|Directed by||Lamberto Bava|
|Produced by||Roberto Bessi|
|Written by||Gianni Romoli|
Kim Rossi Stuart
|Music by||Amedeo Minghi|
Fantaghirò, alternately titled The Cave of the Golden Rose (La Grotta della Rosa d'Oro), is an Italian fantasy series consisting of five television films directed by Lamberto Bava and released between 1991 and 1996. The first film was originally based on Italo Calvino's Fanta-Ghiro the Beautiful, before splitting in its own direction in the sequels, and takes place in a fairy tale setting, featuring princesses, princes, witches, wizards and talking animals. Highly popular in Italy during the 1990s, it was loosely adapted into a cartoon series of the same title and there also have been abortive plans for further film entries.
- 1 Films
- 2 Main characters
- 3 Other characters
- 4 Production and release history
- 5 Legacy
- 6 References
- 7 External links
Fantaghirò is the youngest of three princesses born to a warrior King. Although beautiful and intelligent, she causes many problems for her family because she goes against everything expected for a woman in her kingdom, by being literate, adventurous and rebellious, which makes her father furious. One day, the warrior King receives an invitation from the enemy king Romualdo to a duel that can potentially end the centuries-long war that has been going on between the two kingdoms. The warrior king then learns that only one of his three daughters can win the fight. Fantaghirò sees this as a chance for her to prove herself.
Fantaghirò 2 (1992)
Fantaghirò and Romualdo are due to be married, but their wedding is cut short when news arrives that Fantaghirò's father has been kidnapped by the evil Black Witch. The witch demands that Fantaghirò and Romualdo submit to her rule, but they refuse and Romualdo declares war. He sets out with his army, leaving behind Fantaghirò, who has sworn not to lift another weapon for the rest of her life. However, Fantaghirò finds that she has to break her promise, and secretly sets out on her own to the Dark Kingdom, where the witch will do everything in her power to separate Fantaghirò from Romualdo forever and make him her lover.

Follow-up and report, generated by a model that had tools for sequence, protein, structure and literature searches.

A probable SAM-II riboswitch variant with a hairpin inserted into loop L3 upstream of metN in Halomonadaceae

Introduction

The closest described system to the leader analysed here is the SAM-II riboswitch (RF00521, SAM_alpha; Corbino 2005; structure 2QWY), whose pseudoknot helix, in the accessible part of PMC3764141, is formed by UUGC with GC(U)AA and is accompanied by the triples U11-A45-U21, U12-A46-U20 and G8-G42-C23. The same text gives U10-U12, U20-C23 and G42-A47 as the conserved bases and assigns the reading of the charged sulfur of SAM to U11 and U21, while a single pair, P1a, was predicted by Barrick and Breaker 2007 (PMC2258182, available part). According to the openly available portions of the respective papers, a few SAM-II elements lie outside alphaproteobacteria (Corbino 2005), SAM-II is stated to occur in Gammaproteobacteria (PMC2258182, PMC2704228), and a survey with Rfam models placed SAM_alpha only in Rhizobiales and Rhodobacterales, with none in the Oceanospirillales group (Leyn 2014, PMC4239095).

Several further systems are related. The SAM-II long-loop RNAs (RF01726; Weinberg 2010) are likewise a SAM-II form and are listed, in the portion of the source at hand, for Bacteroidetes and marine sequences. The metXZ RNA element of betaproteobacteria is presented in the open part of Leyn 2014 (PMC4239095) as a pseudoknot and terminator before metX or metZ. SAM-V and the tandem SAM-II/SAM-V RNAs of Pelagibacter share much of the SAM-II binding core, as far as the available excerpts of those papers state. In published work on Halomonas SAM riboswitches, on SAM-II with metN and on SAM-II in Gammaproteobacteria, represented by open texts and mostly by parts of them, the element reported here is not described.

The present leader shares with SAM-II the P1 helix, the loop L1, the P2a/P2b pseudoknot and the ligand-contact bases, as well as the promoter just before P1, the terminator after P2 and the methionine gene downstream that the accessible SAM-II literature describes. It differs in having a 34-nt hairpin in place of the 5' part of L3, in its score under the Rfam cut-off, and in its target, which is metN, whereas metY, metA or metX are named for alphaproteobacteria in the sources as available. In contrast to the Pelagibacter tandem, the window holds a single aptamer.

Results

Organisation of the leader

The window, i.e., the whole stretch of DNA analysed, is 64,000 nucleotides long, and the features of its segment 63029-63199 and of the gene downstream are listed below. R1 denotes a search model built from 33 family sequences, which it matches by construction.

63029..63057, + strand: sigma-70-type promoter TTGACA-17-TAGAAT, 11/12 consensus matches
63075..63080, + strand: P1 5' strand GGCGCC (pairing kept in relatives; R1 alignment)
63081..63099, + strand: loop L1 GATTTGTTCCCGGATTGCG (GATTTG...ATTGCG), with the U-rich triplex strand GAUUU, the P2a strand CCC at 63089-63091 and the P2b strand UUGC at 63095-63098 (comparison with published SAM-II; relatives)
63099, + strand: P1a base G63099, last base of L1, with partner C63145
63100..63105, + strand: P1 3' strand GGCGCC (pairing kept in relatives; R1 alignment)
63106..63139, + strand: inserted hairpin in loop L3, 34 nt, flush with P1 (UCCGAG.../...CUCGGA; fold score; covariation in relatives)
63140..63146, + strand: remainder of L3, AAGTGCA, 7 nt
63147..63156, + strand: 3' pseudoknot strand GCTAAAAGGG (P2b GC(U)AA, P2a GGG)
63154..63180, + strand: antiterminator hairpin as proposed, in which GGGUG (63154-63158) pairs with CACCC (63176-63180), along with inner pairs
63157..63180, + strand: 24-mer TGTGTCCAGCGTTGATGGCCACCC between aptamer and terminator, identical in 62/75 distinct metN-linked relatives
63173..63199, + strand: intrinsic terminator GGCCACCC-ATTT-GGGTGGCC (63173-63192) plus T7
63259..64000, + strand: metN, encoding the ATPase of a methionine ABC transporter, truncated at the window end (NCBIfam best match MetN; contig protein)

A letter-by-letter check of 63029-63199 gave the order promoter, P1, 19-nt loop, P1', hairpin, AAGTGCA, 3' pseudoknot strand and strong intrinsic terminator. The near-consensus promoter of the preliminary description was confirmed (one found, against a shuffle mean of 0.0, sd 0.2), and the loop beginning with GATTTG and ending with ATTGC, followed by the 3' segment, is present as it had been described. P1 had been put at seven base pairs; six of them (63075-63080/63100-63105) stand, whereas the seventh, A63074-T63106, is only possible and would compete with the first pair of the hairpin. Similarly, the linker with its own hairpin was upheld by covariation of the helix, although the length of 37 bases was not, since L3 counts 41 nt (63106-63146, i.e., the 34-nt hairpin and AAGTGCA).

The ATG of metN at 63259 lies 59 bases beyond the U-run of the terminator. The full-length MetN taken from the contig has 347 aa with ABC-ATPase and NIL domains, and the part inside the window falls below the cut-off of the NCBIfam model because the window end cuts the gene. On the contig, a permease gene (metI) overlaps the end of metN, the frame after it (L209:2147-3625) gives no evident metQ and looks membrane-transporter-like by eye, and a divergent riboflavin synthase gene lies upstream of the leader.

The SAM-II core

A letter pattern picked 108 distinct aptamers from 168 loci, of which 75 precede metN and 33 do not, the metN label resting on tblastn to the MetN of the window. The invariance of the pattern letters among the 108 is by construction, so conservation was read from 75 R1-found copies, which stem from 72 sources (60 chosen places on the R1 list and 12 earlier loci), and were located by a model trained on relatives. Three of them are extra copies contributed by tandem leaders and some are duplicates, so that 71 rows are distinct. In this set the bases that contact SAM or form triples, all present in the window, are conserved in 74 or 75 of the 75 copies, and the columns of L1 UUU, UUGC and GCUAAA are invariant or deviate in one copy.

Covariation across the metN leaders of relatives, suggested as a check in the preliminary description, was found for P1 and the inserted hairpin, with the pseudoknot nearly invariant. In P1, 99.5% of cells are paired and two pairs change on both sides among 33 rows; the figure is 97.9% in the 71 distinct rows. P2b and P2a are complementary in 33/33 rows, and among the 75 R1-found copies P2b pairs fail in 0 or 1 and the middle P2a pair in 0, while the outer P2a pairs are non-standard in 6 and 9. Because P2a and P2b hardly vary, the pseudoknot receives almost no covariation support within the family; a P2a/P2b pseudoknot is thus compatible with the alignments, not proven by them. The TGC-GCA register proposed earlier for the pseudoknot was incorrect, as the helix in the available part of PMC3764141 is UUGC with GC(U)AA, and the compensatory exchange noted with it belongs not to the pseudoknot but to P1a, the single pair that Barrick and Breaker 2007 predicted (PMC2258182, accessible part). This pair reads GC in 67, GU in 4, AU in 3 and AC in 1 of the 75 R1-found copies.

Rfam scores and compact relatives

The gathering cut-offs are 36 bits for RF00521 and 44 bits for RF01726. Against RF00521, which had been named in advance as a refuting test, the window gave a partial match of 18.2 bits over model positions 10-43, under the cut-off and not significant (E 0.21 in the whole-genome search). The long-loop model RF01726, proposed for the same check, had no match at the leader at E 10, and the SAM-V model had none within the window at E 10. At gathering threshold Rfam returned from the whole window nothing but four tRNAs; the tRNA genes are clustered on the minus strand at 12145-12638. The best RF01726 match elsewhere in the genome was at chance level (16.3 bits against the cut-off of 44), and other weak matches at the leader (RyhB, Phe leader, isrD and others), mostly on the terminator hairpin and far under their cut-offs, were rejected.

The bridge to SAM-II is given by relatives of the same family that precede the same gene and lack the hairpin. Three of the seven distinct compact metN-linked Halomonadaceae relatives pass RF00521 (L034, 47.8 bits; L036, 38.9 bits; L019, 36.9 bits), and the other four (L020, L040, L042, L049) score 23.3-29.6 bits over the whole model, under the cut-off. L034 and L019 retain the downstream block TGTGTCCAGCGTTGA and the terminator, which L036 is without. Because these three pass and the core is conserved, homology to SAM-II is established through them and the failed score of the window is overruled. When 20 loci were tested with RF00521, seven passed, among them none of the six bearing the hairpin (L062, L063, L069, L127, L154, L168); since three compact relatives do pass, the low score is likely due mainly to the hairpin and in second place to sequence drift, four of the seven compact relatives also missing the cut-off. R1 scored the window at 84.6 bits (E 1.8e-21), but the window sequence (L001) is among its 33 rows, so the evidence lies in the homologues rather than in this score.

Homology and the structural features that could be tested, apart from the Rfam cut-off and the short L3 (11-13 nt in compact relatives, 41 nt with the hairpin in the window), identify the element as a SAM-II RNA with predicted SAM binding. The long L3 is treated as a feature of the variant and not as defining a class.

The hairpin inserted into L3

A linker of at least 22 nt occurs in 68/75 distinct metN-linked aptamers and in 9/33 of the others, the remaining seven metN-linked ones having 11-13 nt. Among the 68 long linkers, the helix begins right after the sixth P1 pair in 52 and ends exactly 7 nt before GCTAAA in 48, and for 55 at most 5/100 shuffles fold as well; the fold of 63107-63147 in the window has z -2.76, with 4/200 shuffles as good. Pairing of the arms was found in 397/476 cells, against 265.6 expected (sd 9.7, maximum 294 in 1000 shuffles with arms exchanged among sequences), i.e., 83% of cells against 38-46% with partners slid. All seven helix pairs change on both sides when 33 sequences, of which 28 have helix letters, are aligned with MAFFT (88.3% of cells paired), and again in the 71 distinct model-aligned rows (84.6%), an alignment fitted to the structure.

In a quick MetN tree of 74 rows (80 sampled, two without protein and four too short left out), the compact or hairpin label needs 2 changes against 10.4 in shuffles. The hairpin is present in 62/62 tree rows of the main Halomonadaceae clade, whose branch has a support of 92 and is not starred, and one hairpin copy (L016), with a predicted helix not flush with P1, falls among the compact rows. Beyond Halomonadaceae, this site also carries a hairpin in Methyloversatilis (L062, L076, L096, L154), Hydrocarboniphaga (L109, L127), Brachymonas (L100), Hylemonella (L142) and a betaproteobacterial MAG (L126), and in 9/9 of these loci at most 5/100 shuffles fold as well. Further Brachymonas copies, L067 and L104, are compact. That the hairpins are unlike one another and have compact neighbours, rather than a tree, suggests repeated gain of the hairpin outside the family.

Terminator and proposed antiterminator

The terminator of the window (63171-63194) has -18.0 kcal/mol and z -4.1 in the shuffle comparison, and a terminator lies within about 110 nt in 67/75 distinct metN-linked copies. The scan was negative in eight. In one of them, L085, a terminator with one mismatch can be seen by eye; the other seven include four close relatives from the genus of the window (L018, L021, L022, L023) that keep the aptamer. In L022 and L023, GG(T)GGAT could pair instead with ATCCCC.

Fantaghirò 3 (1993)
The dark wizard Tarabas learns that his powerful kingdom will be defeated by a royal child of no more than ten years of age. He becomes obsessed with learning how this will happen, so he orders his clay warriors to kidnap all of the world's royal children. When the children of Fantaghirò's sisters become targets, Fantaghirò and Romualdo protect them from the attacking clay soldiers. However, during the fight Romualdo accidentally falls into a cursed river and turns into stone. Fantaghirò then learns that she has to find Tarabas if she wants to save her beloved Romualdo.
Fantaghirò 4 (1994)
A black cloud is travelling throughout the land, destroying everything it touches. When the black cloud consumes Fantaghirò's castle, she allies herself with Prince Parsel to track the black cloud to its origins and stop whoever is casting it. Along the way, Fantaghirò is reunited with the wizard Tarabas, who agrees to help them on their quest, and Princess Anjelica, who is in love with Tarabas.
Fantaghirò 5 (1996)
Fantaghirò is captured by the Black Witch, who has been unable to perform evil magic ever since she helped Fantaghirò in the previous films. The witch is about to decapitate Fantaghirò when she is suddenly sucked into an alternate reality where she has to join forces with a scoundrel named Aries in defeating a villain who eats children.